The Adipose Fin: Old Mysteries with New Answers

If you are a fish, your fins are obviously critical for making a living.  Fins provide a long list of essential functions, from generation of movement to stabilization, turning, stopping, and dynamic lift (to name a few).  Yet only select families of fish—namely trouts and salmons and catfishes—possess a small nub-like fin behind their dorsal fin and before their caudal (tail) fin.  This fin is called the adipose fin*, and while many fisheries biologist and fishermen know what it is, explanations have been few and far between when it comes to the function of the adipose fin.

Diagram of fish fins, including the adipose fin. (Source: L.A. Walford)

*Because the adipose fin is not rayed and appears as a unsupported finlet, one early hypothesis was that the fin stored fat, or adipose tissue.  Studies have generally confirmed that the fin does not hold adipose, yet the name stuck.

Naturally, a proposed ‘non-functional’ fin was too much for some biologists to take, and experiments were designed.  In 2004, two authors published a paper that took a first step in establishing the importance of the adipose fin.  Reimchen and Temple removed the adipose fin from a set of juvenile steelhead and compared their swimming abilities to similar steelhead whose adipose fin remained attached.  They found an 8% increase (on average) in caudal fin amplitude (i.e. work) in the fish without the adipose fin.  Although they didn’t get into the mechanisms of how the fin possibly increases swimming efficiency, they did suggest that the adipose fin may create vortices that impact the caudal fin, or the fin may serve as a pre-caudal sensor to flow.

Close-up of adipose fin on salmonid species. (Source)

As a natural extension of their fin-clipping comparisons, Temple and Reimchen followed up in 2008 by investigating catfish, another fish group exhibiting an adipose fin.  This time they consider 1906 catfish species, and compared the presence of the adipose fin to the habitat in which the species lived.  They found that for species in moving waters (streams and rivers), an adipose fin was more often present than for species in low-flow environments, such as lakes.  Although the specifics of how the fin might work were still unsubscribed, this work was critical toward supporting the notion of the adipose fin as a sensory organ.

The catfish (here, flathead) is another group of fish exhibiting a adipose fin, particular for those species in moving waters. (Source: Tennessee Wildlife Resources Agency)

And most recently, Buckland-Nicks and coauthors in 2012 began to articulate the how.  This work reported that indeed the adipose fin was innervated (connected to the nervous system).  The authors called the adipose fin a “precaudal flow sensor” allowing improved maneuverability in turbulent waters.  And while other studies failed to demonstrate swimming performance differences in clipped and unclipped fish, the authors note that at least three of these studies took place in non-turbulent waters.  Of course, this also fits with the catfish results from Temple and Reimchen.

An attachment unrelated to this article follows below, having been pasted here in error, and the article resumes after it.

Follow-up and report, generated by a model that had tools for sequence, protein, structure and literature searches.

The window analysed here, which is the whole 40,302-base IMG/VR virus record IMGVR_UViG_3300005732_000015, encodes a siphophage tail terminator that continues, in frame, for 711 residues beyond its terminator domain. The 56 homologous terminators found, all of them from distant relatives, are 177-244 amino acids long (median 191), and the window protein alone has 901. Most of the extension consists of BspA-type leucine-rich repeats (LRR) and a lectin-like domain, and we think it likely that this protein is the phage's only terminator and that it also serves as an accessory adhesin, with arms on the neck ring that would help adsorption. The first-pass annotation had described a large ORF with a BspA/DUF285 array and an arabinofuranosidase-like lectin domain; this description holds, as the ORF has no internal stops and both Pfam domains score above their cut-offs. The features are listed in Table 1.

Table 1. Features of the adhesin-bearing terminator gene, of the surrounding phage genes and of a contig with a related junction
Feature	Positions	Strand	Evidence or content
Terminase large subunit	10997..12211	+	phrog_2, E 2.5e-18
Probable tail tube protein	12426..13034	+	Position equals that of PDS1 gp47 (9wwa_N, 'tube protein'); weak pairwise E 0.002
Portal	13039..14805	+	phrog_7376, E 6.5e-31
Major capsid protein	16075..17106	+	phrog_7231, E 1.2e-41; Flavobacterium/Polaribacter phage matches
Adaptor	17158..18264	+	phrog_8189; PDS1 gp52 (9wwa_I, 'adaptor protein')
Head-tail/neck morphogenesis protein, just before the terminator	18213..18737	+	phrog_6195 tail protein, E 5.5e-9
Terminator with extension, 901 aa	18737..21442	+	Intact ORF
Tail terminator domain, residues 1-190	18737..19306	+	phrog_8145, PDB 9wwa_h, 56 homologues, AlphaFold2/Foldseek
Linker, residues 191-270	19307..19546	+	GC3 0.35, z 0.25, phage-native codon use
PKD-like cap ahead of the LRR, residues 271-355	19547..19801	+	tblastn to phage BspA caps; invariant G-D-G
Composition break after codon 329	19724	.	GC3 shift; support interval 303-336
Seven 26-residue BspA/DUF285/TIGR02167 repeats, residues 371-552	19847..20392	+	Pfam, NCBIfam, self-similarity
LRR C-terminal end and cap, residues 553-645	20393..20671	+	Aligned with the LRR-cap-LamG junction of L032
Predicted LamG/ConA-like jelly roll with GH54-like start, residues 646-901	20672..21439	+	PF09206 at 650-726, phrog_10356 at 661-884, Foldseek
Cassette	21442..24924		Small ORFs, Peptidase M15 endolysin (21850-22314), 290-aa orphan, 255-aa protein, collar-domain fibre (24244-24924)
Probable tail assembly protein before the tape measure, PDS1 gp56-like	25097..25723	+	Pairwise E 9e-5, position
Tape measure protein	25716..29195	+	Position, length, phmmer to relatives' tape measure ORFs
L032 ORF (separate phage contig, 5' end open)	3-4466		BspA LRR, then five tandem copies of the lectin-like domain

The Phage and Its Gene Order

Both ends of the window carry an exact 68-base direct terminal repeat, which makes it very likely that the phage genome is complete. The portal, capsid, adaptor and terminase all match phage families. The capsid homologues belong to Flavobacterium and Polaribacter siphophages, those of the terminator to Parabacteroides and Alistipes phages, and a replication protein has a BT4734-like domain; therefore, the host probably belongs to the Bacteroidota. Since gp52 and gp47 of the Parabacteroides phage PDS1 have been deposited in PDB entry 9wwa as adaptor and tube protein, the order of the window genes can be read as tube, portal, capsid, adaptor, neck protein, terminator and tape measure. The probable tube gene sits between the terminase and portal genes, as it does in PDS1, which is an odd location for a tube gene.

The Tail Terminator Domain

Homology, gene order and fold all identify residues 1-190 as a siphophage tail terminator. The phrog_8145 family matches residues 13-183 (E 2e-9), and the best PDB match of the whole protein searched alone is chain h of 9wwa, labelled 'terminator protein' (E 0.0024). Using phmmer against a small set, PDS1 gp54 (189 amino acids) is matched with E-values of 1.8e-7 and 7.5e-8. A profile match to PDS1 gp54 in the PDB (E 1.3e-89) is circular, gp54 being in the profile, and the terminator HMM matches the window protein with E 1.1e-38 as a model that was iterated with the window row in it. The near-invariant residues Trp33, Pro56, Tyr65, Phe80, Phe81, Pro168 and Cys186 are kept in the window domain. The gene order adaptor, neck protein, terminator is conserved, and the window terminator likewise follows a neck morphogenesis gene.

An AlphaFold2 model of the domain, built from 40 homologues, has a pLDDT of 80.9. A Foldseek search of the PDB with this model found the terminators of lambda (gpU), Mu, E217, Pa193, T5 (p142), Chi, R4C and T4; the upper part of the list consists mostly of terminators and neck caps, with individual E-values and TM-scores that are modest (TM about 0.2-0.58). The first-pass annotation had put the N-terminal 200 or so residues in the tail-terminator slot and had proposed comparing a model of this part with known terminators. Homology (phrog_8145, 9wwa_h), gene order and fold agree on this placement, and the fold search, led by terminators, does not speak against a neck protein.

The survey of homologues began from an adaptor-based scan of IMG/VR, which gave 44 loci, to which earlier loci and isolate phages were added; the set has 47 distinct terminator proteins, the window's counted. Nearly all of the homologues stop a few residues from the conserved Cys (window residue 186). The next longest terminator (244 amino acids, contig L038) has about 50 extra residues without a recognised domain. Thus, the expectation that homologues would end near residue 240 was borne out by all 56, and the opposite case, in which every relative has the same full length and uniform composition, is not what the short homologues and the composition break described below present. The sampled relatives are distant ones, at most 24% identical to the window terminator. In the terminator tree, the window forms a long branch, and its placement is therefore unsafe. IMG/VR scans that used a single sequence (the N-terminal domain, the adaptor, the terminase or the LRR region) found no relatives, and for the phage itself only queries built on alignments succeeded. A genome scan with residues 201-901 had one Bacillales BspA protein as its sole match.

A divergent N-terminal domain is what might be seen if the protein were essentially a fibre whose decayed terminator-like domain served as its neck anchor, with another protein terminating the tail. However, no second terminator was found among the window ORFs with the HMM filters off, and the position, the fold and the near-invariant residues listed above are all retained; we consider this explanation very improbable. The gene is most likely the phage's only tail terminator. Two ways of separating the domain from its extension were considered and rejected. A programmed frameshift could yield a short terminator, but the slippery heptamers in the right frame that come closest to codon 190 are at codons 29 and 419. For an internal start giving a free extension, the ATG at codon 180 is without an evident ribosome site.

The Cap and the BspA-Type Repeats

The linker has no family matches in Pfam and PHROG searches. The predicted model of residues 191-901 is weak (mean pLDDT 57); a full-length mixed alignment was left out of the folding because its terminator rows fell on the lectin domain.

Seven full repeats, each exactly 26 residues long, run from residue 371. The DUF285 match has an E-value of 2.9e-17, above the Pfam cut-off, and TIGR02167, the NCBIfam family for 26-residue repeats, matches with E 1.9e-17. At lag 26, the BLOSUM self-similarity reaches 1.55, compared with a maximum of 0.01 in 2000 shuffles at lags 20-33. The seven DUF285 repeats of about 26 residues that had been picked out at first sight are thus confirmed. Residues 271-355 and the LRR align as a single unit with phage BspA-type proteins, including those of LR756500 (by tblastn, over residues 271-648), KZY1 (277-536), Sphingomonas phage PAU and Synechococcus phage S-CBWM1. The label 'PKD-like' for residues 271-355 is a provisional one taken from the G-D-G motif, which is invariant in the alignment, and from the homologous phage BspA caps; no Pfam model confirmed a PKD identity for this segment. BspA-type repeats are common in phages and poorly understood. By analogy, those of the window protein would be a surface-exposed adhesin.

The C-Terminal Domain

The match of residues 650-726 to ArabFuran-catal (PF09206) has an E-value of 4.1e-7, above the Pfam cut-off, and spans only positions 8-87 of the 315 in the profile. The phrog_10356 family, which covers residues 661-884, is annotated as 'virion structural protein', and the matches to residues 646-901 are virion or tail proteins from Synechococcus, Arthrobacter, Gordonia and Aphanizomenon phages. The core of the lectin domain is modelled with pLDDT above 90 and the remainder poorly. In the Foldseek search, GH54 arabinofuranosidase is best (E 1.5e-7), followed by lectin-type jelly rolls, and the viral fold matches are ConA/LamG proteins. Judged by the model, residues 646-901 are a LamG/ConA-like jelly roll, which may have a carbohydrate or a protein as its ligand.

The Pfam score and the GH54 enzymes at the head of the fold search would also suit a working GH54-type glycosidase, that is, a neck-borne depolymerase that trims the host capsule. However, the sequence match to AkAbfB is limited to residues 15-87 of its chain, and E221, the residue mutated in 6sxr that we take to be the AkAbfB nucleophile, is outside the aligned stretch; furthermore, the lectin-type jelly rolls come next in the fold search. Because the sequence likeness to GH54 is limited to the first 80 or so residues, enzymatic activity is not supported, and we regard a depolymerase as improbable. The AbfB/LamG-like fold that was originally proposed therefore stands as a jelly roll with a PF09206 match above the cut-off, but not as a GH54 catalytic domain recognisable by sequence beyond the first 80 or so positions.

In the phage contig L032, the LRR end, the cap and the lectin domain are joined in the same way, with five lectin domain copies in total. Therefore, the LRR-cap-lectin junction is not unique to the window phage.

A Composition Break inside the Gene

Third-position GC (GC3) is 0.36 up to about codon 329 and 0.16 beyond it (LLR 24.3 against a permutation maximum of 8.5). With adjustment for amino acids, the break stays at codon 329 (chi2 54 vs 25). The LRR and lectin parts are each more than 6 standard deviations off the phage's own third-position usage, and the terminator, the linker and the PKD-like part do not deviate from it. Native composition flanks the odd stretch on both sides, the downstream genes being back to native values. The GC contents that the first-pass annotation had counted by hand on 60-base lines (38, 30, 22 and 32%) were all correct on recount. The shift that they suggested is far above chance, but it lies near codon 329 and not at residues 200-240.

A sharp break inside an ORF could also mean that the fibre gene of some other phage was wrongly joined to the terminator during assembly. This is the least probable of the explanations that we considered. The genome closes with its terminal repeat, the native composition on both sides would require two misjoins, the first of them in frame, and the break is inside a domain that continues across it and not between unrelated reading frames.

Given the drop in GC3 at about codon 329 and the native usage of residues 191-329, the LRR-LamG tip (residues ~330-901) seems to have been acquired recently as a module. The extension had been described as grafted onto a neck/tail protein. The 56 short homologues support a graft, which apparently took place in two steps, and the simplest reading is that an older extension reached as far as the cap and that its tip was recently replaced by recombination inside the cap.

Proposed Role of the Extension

So why the concerns with the loss of the adipose fin?  Turns out that clipping this ‘non-functional’ fin has been routine for fisheries management agencies for decades.  Surely, millions of adipose fins have been removed from fish!  Simply snipping this small fin provides a permanent marker as to whether the fish (when caught later) is a naturally-produced individual or a stocked individual.

Comparison of stocked and wild salmon, based on presence of adipose fin. (Source)

Perhaps the benefit of adipose fin clipping through the information retrieved at the time of (re)capture outweighs the cost of a marginal decrease in swimming ability.  And remember, the adipose fin swimming benefit is conferred only in turbulent waters—so we can’t assume that all stocked fish swim around at a constant disadvantage.  (And of course, other differences between stocked and wild fish many swamp any impact of the adipose fin, but we’ll save that comparison for a later date.)  So although we have made great strides in understanding the function of the adipose fin, the impacts of adipose clipping on stocked fish remain unknown.

Do you have an opinion on clipping the adipose fin?  Please let us know in the comments below!

Steve Midway

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12 responses to “The Adipose Fin: Old Mysteries with New Answers